But what to make of the paid companion and her somewhat seedier sister, the sugar baby? I had a difficult time coming to my usual position, to let a girl do what she wants as long as she’s chosen to do it and isn’t hurting anyone. Heidy’s been to 20 countries in three years. A high percentage of sugar babies are leaving college debt free, a thought that makes this attorney whimper wistfully. And even we call this prostitution, as some sugar babies do, the feminist in me says that if a woman owns her body, she should be free to sell it.

Still, something about this makes me uncomfortable.

For the right woman, clearly, arrangements work.

But how does the wrong woman discover that’s she’s not cut out for the world of pay for play?

Follow Lady Smut. We’ll keep it casual.

Alexa Day is the USA Today bestselling author of erotica and erotic romance with heroines who are anything but innocent. In her fictional worlds, strong, smart women discover excitement, adventure, and exceptional sex. A former bartender, one-time newspaper reporter, and licensed attorney, she likes her stories with just a touch of the inappropriate, and her literary mission is to stimulate the intellect and libido of her readers.

 

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  • Kel
    June 20, 2017 at 11:21 am

    More freedom to the people who are comfortable with sex for money in either direction. I have no issues with people paying for companionship, but I do hope that the people involved remember that money isn’t really worth anything – it’s only worth what you do with it. Oddly, the travel-companionship thing makes me cringe less – I have no issues with people consenting to have sex with each other, I just dislike any situations where humans are pressured into sexual acts they don’t really want or aren’t comfortable with.

    This includes the unknowing spouses of married persons who cheat* – they never consented to being exposed to the sexual history of their partner’s unknown partners, and cheaters are never careful enough. What happens in Vegas stays in Vegas, unless it’s an STD. That shit follows you home.

    *Open marriages are, of course, a whole different kettle of fish. You do you. Also, get tested between every partner, and at 45 days after sex with a new person regardless of what they tell you. You owe your spouse. If your downtime isn’t at least one complete blood-test cycle long, you owe both your spouse and all your partners full disclosure. STDs are BAD, mmkay?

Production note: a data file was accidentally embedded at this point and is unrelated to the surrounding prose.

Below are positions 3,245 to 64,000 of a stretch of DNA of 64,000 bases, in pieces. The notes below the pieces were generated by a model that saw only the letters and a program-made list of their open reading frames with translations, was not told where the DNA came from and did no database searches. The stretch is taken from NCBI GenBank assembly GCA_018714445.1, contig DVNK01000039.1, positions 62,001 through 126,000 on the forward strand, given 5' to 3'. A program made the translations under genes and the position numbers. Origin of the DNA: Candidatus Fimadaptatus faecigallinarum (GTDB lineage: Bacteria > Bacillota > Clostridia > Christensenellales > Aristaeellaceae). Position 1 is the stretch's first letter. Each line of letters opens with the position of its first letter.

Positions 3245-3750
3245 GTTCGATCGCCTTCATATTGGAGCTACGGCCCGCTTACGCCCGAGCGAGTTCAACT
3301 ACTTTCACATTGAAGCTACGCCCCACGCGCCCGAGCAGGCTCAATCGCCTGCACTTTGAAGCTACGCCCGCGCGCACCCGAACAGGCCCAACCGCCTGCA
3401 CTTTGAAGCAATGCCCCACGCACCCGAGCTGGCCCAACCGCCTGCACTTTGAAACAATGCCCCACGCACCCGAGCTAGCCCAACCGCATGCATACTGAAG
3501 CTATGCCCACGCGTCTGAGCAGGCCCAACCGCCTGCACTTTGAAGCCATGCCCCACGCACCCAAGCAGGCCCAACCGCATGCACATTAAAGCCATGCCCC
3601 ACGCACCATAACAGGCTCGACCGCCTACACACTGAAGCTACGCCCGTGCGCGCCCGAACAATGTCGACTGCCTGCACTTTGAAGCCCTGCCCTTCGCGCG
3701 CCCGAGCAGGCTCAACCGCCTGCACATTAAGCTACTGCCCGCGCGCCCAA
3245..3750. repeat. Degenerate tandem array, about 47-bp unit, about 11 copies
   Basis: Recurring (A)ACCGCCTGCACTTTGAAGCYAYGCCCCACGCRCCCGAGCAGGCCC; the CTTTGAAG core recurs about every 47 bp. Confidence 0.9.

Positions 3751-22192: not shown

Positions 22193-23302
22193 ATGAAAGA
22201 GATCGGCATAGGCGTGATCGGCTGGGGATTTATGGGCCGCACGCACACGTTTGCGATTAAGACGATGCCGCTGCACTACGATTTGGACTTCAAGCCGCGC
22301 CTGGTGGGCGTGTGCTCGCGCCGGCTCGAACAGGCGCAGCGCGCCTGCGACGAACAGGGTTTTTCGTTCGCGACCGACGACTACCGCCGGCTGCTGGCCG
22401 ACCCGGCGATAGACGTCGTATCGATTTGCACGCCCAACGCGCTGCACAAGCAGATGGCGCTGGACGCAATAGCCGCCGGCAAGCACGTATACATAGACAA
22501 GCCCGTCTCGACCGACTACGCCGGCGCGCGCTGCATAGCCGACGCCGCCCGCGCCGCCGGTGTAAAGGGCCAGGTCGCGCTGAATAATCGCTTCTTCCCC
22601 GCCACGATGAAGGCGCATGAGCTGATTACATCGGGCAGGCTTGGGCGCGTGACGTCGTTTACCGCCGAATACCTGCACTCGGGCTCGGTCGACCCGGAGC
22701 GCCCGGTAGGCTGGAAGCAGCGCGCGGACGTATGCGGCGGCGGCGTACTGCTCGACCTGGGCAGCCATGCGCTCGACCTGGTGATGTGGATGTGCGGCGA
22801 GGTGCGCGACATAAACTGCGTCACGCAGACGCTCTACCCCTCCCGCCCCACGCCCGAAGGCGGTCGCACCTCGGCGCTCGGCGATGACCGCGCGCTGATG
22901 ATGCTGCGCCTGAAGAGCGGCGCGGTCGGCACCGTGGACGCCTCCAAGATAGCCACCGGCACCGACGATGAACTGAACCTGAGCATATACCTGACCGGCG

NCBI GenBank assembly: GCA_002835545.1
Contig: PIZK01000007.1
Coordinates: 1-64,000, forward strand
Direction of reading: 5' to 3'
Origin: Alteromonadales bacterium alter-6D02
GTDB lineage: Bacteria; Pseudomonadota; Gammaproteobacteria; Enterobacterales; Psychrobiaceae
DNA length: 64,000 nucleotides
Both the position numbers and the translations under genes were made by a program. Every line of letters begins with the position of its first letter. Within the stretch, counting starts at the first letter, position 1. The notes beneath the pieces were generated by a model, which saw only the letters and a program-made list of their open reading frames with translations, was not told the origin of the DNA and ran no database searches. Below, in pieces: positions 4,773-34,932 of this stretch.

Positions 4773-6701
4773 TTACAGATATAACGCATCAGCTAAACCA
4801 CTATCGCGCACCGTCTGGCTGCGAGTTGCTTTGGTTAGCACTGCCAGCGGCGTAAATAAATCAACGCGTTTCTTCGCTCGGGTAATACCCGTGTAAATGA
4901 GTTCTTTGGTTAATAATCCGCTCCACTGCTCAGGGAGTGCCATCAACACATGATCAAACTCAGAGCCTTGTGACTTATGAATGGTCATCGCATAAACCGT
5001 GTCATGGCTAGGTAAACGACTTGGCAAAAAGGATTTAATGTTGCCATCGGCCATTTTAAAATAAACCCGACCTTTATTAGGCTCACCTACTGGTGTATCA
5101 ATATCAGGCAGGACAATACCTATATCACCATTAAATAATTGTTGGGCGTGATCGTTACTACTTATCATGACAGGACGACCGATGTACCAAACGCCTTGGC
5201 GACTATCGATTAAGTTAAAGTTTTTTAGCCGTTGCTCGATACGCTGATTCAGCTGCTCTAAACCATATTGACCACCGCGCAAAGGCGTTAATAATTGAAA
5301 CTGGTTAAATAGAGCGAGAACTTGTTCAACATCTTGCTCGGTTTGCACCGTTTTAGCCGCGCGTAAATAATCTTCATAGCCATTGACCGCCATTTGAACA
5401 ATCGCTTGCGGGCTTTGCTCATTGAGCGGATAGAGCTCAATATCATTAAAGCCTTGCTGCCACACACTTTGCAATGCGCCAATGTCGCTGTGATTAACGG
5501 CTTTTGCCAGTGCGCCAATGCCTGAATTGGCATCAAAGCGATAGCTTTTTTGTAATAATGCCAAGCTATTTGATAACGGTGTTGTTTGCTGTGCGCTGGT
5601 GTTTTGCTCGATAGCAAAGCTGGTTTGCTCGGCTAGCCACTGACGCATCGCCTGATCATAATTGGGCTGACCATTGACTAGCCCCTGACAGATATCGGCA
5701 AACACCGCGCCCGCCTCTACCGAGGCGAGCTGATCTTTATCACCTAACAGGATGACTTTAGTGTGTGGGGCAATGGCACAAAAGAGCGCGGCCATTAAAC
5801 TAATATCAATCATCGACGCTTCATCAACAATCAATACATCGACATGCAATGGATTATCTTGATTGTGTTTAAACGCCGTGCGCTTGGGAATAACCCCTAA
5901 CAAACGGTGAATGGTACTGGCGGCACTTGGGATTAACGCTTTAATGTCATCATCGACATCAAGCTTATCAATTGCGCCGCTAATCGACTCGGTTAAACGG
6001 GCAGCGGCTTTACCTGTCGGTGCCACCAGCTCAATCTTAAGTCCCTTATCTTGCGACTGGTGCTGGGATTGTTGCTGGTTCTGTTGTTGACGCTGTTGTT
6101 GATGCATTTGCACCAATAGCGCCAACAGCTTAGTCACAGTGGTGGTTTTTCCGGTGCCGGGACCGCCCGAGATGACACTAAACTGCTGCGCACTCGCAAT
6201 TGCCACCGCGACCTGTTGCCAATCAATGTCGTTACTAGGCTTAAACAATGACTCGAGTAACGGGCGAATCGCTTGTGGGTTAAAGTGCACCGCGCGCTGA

• Madeline Iva
    June 23, 2017 at 2:13 pm

    Lexi, if you think marriage is an exchange of sex for ANYTHING then you have not been talking to the majority of people who have been married for a long time. LOL.

    Kel your response just cracks me up. “Vegas stays in Vegas, unless it’s an STD. That shit follows you home.” Exactly!

    I really like the ways in which old skool prostitution is being deconstructed in our new world…I like that it’s becoming more and more common to say “sex may or may not happen” and you get the feeling that they mean it. Hey–even with yer classic prostitute it should be a total given that sex may or may not happen. Cause otherwise it’s rape, no matter who got paid.

    I like the idea that treating the other person well even without knowing the outcome of what will happen between you is something people are willing to pay for. That is an ideal — you treat someone well, and if that’s it, then that’s it. There’s no exploitation in that. However, most things in life are not this uncomplicated, and when people are young, inexperienced, naive, not-quite-understanding-the-codes, didn’t-read-the-fine-print, then my hope is that there is DEFINITELY a way for them to gracefully back out and away from this and that they are very warmly and supportively encouraged to do so…Again, we’re talking about an ideal world here. But a girl can dream.